Procedural Perlin-based maps with leaflet and web workers

Procedural creation is not necessarily linear. Or it is, but quite often one can run processes in parallel for making it faster. I recently learned some javascript in my everyday-job and I wanted to exploit web workers for creating procedural worlds. In addition, I also learn a bit about leaflet and I am just curious about how far we can go with that library for exploring fantasy worlds.

Thus, after a shy try with leaflet, I got inspired by the nice application of leaflet-fractal so I decided to use the same powerful combination of leaflet-workers-canvas to explore Perlin-based maps. I also wanted to play with isometric perspective so I tried if it was possible and indeed, anything is possible.

Pure Perlin

The first version is purely noise-based. Every pixel can be computed independently. To simulate linear mountain range I could not use pure tectonics (I am trying to keep pixels independent) so I am taking the absolute value of two noises at quite different octaves, turn it upside down, and raising to some high power as 4. I add later some continents as saturated Gaussians and then add the background noise at different octaves. There is a lot of cousine in creating the perfect combination of noises, if such a thing exists. This is the part that requires art.

This is the result (refresh or use the button for a new map):

You can go directly here or check the code in Github. There is no need at all in using voxels/pixels, I just found it funny! Before I forget: it allows to play with the elevation or choose which map you prefer to load when reloading.

Perlin plus erosion

Just Perlin is cool for fast maps. You can make them as big as you want. However, erosion. The calculation is more complex and pixels are not independently generated anymore: we need a grid. Additionally, a fast-enough erosion algorithm to run in on-the-fly and in your browser is a challenge. Mine is not perfect and becomes slow for too dense grid points, but I think I am in the right direction.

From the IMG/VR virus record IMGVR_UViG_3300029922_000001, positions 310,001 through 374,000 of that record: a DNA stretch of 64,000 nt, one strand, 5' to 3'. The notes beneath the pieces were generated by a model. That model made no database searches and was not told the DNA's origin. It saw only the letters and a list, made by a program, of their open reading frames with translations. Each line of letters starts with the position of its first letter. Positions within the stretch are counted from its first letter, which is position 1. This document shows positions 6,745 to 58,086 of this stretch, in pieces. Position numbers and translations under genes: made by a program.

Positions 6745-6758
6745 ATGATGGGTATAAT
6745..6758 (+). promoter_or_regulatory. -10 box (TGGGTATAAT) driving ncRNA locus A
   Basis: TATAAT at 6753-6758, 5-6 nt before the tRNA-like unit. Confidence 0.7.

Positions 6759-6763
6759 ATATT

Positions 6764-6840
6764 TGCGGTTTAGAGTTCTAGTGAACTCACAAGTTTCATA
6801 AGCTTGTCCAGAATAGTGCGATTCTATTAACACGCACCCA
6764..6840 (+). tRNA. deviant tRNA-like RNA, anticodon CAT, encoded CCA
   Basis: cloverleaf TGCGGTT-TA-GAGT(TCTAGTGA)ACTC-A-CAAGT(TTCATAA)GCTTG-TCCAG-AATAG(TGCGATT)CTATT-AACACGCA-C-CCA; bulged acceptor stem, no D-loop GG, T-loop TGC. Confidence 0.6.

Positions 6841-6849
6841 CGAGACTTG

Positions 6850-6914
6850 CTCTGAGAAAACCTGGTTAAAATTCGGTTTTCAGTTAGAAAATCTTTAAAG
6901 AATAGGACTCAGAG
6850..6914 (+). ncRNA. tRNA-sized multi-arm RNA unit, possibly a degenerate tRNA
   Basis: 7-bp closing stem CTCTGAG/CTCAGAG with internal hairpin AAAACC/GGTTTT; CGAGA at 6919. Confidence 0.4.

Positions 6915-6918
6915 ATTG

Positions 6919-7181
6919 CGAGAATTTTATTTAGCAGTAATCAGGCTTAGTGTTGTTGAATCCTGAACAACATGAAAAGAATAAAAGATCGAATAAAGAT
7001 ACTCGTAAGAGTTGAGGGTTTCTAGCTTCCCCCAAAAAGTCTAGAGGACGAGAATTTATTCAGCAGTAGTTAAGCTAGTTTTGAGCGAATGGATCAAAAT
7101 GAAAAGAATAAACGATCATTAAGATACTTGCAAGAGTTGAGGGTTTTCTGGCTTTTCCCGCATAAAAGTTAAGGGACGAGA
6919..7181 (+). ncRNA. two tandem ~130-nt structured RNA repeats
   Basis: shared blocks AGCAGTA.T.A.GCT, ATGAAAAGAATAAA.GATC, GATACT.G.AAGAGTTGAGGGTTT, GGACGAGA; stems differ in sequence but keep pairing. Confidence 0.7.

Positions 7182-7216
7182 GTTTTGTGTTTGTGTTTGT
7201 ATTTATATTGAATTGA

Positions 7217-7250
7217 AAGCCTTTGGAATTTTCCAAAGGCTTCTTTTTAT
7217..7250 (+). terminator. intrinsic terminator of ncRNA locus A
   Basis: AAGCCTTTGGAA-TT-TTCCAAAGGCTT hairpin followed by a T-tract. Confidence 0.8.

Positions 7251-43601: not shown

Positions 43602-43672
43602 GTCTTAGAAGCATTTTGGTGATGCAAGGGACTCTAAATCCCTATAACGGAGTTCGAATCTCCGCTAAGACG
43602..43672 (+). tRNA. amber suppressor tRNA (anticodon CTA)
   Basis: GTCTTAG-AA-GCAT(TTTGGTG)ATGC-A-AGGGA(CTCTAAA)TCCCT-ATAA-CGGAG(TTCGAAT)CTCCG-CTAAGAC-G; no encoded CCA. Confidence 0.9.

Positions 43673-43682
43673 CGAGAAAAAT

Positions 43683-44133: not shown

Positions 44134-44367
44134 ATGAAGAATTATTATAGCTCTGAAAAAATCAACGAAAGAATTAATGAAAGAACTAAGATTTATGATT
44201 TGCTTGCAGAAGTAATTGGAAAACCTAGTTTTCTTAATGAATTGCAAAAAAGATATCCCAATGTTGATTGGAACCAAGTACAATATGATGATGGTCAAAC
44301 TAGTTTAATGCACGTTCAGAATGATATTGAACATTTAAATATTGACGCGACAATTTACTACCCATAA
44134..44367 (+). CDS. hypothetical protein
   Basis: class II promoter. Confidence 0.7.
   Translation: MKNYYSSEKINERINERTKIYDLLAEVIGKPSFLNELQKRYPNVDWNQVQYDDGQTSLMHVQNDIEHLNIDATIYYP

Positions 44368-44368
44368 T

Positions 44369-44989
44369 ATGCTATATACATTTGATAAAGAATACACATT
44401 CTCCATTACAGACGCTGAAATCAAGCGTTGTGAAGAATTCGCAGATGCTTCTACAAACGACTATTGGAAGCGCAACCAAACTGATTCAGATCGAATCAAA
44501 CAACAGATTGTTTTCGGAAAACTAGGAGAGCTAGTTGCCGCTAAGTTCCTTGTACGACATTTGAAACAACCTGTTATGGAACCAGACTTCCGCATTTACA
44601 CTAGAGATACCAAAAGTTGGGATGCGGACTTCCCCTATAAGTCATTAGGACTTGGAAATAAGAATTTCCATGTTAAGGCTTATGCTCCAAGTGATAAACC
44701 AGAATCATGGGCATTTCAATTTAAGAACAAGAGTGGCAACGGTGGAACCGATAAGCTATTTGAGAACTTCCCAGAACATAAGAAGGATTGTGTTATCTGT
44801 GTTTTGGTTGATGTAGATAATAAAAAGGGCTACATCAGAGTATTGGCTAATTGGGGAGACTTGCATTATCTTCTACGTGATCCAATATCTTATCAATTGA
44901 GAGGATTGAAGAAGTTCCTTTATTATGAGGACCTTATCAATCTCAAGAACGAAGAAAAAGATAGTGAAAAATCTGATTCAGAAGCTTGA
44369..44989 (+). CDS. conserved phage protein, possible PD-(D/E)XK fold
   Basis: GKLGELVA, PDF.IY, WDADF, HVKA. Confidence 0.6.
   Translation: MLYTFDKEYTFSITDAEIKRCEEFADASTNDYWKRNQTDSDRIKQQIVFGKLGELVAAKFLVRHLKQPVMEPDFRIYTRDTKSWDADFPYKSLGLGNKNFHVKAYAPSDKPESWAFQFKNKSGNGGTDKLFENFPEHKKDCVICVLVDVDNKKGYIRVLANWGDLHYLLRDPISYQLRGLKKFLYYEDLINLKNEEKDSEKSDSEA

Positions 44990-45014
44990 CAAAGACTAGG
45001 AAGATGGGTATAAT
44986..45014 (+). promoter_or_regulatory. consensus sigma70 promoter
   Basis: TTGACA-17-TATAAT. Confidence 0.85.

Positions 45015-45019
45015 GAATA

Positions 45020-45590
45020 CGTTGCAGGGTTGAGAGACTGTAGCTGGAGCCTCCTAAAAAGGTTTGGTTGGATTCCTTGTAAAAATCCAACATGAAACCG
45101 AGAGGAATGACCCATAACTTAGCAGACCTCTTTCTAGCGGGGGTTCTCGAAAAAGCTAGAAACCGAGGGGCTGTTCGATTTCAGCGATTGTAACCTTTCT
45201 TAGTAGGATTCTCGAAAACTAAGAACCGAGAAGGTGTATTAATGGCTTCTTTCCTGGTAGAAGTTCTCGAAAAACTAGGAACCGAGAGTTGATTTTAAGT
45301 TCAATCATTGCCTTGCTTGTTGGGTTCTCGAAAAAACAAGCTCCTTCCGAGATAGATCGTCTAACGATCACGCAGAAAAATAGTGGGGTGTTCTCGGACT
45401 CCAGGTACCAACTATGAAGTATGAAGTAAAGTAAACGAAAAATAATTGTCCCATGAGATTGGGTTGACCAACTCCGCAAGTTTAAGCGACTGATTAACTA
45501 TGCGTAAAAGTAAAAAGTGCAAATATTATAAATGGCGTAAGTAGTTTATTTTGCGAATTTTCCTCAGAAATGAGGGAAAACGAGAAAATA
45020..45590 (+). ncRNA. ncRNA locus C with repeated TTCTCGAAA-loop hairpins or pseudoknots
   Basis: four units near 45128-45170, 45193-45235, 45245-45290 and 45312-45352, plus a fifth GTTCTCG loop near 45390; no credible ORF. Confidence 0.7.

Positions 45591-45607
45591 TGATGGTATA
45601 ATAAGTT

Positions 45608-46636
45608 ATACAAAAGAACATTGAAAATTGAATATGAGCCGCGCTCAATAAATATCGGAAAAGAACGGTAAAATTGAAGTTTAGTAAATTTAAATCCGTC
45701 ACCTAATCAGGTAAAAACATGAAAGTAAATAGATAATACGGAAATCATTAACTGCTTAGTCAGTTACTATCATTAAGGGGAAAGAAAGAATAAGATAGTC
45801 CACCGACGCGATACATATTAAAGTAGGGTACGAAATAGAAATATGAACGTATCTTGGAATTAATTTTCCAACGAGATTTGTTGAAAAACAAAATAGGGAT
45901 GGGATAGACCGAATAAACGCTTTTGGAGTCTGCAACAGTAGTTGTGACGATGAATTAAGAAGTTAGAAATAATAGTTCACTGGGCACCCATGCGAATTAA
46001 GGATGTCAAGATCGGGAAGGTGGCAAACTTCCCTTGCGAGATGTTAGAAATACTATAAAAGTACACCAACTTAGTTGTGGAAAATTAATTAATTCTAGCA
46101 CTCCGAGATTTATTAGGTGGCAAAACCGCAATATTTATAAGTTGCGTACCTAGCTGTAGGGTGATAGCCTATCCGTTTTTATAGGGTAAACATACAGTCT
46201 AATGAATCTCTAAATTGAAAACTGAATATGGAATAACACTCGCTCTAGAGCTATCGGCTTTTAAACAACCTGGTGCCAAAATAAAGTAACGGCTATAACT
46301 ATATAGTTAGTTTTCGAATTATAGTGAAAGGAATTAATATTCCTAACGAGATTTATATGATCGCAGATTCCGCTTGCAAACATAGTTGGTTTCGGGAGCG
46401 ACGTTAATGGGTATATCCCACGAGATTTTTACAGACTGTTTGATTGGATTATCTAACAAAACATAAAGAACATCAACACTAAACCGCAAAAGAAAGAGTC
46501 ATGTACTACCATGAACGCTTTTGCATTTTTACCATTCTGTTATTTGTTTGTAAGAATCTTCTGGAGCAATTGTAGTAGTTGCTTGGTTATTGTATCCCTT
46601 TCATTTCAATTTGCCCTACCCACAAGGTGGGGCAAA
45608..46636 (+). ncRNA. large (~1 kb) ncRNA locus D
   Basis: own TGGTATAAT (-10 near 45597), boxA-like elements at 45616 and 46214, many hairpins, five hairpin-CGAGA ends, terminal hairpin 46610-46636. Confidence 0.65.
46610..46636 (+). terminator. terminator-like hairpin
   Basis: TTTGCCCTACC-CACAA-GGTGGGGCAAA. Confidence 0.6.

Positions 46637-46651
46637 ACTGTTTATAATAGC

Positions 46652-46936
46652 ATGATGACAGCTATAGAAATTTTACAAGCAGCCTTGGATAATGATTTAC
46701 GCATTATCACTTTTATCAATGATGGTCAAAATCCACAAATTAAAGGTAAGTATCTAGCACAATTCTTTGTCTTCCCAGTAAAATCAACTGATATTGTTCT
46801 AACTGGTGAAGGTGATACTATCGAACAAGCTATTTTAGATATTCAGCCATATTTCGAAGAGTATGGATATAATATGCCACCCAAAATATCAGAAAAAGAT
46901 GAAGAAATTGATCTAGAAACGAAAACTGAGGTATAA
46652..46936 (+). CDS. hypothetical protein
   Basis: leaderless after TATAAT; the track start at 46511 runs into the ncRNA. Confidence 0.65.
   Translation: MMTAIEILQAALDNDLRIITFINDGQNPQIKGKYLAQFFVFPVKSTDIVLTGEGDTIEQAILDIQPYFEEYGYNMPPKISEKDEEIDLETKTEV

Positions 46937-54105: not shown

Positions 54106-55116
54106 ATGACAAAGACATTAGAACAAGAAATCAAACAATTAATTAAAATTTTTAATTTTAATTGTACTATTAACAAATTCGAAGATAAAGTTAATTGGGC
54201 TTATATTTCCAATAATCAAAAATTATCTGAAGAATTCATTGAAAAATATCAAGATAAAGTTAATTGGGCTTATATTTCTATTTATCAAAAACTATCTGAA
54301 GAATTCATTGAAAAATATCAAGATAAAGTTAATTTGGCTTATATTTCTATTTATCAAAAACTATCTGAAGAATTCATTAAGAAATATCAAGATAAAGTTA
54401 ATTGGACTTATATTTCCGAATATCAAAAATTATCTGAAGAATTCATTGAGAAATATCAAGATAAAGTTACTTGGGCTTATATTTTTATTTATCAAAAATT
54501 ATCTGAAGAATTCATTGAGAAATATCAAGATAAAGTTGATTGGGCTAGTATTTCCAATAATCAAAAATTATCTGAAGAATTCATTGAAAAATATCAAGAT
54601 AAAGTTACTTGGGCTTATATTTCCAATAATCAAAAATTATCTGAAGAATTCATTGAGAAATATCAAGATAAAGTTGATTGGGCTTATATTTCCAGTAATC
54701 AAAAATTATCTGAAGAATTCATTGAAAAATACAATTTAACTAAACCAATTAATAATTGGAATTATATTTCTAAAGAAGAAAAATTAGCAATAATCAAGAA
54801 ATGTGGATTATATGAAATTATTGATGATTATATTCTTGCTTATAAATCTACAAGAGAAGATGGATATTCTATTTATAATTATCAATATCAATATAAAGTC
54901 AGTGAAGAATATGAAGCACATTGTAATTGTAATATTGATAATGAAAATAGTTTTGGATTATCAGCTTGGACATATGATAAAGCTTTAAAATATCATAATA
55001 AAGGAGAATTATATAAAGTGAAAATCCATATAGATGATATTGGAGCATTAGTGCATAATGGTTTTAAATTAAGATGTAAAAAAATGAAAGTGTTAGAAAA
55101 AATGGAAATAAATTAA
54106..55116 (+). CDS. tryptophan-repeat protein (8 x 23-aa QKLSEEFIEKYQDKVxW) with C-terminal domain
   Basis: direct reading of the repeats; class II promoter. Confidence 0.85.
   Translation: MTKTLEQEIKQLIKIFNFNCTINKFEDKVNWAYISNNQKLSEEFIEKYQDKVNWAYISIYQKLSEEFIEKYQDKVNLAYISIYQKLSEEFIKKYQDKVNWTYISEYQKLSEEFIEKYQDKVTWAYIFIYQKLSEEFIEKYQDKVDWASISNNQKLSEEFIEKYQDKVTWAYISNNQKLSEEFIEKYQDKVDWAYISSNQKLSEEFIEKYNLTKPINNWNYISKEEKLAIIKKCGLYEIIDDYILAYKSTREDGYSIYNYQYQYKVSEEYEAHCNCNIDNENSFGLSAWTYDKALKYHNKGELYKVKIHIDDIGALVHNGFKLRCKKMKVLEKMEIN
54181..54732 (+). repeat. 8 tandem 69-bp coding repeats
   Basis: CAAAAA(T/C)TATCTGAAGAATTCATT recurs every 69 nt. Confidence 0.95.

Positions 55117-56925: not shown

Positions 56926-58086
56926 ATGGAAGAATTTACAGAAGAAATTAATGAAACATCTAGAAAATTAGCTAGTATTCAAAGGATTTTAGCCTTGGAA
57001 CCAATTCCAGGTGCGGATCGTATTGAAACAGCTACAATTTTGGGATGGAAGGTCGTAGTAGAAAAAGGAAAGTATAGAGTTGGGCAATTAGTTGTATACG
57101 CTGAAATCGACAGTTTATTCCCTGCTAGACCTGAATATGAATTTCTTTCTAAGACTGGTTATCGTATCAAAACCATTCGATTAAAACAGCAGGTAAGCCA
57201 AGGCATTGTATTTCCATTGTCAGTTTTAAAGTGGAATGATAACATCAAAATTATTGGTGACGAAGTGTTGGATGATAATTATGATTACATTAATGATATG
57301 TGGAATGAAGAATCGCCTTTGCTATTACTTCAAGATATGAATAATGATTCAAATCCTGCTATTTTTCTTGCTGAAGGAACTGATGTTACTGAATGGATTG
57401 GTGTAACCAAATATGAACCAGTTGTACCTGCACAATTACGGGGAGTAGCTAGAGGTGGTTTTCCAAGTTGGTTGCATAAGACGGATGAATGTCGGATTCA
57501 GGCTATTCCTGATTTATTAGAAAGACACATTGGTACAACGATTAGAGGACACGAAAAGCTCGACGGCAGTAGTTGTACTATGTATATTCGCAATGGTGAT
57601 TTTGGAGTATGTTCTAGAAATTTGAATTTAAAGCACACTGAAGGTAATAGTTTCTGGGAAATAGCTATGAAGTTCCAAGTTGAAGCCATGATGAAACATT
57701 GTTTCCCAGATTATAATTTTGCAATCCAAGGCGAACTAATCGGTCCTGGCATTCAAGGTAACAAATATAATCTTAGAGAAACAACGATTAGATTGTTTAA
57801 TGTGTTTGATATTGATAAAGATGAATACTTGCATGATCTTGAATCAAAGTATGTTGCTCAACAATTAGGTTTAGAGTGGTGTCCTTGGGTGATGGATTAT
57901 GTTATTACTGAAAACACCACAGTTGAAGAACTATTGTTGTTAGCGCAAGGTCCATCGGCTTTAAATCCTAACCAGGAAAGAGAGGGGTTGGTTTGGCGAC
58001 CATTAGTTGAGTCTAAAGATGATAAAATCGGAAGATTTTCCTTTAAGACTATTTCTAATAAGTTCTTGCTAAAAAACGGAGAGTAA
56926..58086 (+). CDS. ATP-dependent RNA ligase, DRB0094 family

For future convenience, I am using a random quadrilateral grid. What is that? A regular squared grid where grid points are randomly moved inside their squares. What I would do such a weird thing?

  1. Keeps the simplicity of a regular grid: easy to map and easy to find the neighbors at any moment. It keeps beautiful algorithms.
  2. Easy to scale: the ultimate procedural map needs to re-scale the resolution with the zoom level. As you can see below, with this type of grid is really easy!
  3. It incorporates randomness in a straightforward way: no straight lines if you don't want them.
 
grid5.jpg
 

This is the concept that I am working now for on-the-fly scaling: I can compute the fluvial back-bone with a not-too-dense grid and generate the details on-the-fly as the zoom level increases.

Problem with random quadrilateral grids? Of course it breaks the symmetry, so some dynamical procedures can have some preference to go north/south/east/west instead of any random direction. River creation for example. Also, I had to write an interpolation code for rendering in the canvas: I need to map the random quadrilateral into a unit square first, and then apply the standard linear interpolation. (Not a big deal actually, there are some good solutions out there for interpolating in unstructured grids.)

Some screen-shoots below! you can test the DEMO here. Code is also available in Github.